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How to ̶W̶a̶s̶t̶e̶ Save $142,000 on Legal Services: A Better Way

Updated: Jun 9, 2023

Exhausted court reporter from a past century

Deposition transcripts usually come with a word index, also known as a "concordance," but this index has become unnecessary in today's digital age. Countless tools now make it obsolete, yet you're still paying for it. Very few court reporting services include it for free despite automated software, while most charge the same per-page rate as the official record for indices that require minimal manual effort.

Let's be honest—how often do you and your colleagues use the word index instead of simply relying on the Ctrl+F search function? You may be shocked to learn that in most cases, the word index accounts for 20 to 25 percent of the pages in a deposition transcript, sometimes even more. For a 150-page transcript, that's roughly 38 pages dedicated to the index.

Now, let's consider the costs. If your court reporting service charges $5 per page, in the above scenario, the index alone would cost you $190. If you have 25 transcripts for a case, just the word index will cost $4,750 for a stack of paper that you'll refer to less frequently than a toaster oven manual. Now, imagine you're involved in 30 matters per year. Multiplying $4,750 by 30 gives you a staggering $142,500.

Essentially, you’re throwing away $142,000 every year, like driving a shiny Porsche off a cliff, or setting fire to 2 ½ very expensive supply boxes filled with printed paper.

In the year 2008, a groundbreaking technology emerged in the legal profession offering a cost-effective solution to scan printed text and make it easily searchable. This technology, known as optical character recognition (OCR), allowed bulky stacks of papers to be converted into electronic documents. Although OCR as we use it has been around since about 1974[i], it became extremely affordable and widely accessible around this time. Additionally, by 2008 the portable document format (PDF) had been universally available for 15 years[ii].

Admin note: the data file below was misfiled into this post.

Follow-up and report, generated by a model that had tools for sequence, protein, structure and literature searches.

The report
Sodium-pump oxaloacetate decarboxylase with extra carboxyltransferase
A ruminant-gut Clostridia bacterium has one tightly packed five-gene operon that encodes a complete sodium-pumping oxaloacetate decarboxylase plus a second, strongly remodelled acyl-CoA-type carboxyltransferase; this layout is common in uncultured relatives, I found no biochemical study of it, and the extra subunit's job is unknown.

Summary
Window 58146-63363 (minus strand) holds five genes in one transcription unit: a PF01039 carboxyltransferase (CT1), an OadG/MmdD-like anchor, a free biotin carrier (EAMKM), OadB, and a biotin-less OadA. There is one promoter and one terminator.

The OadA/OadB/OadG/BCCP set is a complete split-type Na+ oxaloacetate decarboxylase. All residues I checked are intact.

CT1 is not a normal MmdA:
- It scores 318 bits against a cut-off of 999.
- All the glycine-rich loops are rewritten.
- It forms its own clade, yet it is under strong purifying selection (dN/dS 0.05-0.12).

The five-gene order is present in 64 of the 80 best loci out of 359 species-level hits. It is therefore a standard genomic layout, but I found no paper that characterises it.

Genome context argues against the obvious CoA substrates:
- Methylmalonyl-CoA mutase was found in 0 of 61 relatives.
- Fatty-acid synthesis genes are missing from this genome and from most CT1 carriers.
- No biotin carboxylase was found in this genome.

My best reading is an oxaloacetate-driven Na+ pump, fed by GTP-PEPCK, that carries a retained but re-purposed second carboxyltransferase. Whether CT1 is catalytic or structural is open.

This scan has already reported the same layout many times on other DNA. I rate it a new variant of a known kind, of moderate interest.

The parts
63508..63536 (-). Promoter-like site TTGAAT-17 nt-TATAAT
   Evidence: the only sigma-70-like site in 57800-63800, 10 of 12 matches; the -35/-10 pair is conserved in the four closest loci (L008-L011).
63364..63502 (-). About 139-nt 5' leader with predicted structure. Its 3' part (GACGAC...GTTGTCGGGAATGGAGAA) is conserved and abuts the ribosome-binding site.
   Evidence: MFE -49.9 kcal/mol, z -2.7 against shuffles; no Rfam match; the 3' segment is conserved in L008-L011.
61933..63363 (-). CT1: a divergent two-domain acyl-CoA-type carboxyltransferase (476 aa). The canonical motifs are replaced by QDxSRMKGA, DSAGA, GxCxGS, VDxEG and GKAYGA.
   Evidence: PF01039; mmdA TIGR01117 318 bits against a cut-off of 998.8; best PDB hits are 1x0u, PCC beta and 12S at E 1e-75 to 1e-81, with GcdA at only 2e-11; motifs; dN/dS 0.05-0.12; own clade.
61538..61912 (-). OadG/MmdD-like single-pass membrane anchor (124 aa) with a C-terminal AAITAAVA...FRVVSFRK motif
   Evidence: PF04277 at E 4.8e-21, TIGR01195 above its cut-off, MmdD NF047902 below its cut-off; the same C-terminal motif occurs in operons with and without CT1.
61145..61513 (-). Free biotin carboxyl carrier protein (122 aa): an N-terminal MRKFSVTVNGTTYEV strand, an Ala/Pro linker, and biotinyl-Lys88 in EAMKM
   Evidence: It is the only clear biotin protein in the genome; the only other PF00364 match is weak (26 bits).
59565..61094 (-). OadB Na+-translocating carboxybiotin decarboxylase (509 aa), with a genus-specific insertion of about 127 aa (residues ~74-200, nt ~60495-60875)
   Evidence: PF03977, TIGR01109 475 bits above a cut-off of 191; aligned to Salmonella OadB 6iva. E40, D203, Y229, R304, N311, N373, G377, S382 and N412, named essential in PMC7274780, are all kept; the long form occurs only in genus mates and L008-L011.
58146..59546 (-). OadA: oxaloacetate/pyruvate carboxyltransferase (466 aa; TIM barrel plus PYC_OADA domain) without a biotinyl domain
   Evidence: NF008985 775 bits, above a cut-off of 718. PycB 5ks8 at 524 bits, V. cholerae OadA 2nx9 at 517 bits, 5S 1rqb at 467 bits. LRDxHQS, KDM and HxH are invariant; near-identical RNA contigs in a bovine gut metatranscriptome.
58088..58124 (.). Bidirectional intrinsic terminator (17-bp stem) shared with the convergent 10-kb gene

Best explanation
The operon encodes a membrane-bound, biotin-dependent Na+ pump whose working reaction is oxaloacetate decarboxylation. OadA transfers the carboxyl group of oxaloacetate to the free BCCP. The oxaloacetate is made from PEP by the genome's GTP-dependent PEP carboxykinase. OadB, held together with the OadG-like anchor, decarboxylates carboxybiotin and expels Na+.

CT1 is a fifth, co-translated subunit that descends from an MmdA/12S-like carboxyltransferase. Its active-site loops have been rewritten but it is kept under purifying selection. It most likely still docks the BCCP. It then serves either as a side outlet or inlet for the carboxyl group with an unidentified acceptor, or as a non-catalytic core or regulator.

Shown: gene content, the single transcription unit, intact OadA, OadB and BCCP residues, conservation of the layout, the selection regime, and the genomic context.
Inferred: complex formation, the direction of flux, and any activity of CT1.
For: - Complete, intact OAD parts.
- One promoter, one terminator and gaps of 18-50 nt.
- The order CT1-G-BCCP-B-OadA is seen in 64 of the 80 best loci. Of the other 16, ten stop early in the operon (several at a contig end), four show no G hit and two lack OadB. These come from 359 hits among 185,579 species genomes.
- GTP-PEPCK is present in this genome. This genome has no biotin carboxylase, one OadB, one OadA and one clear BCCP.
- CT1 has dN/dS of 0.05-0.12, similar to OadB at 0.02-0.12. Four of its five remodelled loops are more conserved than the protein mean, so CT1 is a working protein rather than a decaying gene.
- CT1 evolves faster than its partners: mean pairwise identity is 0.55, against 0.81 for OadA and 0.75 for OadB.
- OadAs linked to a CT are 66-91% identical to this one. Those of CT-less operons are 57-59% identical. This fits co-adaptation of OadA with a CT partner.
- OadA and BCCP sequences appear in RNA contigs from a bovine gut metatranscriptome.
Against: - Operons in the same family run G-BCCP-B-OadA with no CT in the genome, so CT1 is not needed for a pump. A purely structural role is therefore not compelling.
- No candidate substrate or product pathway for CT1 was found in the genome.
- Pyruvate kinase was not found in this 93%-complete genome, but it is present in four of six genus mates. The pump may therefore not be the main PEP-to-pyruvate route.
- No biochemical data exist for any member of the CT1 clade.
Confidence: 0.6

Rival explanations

Fast forward to 2023, and electronic formats have become the norm for all the transcripts you work with. Opening PDF transcripts in applications like Adobe Reader allows for quick and efficient searches. Even if someone provides you with a non-searchable "image" file, you can easily OCR it yourself. In 2023, the word index is a relic.

What should you do instead?

  • Inform your court reporting services that you no longer require indices and won't pay for them. The best reporters and agencies understand the importance of competition and strive to add value rather than pad their invoices.[iii] With transcripts being received electronically and properly backed up, paper transcripts become redundant because each party involved maintains its own digital copy. By taking this simple step, you can save $142,000 per year.

  • Better yet, embrace a new approach that allows you to extract more value and insights from testimony documents. Rather than searching through transcripts one by one using Ctrl+F, utilize a testimony intelligence solution (like Gibson). This tool enables you to combine multiple transcripts into a single view, extracting relevant topics and facilitating comparison of specific content instances across various transcripts and matters. Detecting testimony variances and uncovering forgotten or missed topics is more valuable than unlimited word indices.

  • If your firm or client frequently engages in litigation, leverage a testimony intelligence solution to create an institutional knowledge base. More than a decade ago, a court reporting service suggested combining word indices to expedite search processes.[iv] With testimony intelligence solutions, this becomes even simpler, as AI goes a step further. For example, Gibson's AI can extract a topic list that captures all instances of a related concept, not just individual words. Imagine generating a report that consolidates all topic instances across 20 cases where the same witness responds to a recurring question, or where multiple experts testify about the same topic, with just a few clicks.

Court reporters provide immeasurable value in understanding all the nuances of depositions and producing a reliable record. But as demand rises, their ranks are thinning and that’s driving prices up. Trimming out the fluff of the word index is an easy tactic to mitigate these rising costs. There's a better way to search transcripts AND leverage the content and hidden insights contained in them at the same time.

[i] Thank you, futurist Ray Kurzweil. Optical character recognition, Wikipedia. [ii] Adobe made the PDF standard free in 1993. PDF, Wikipedia. [iii] Here’s one example of a court reporting agency railing against other providers padding page counts with a word index:

[iv] Kudos to this court reporting service for suggesting a novel idea in 2012.

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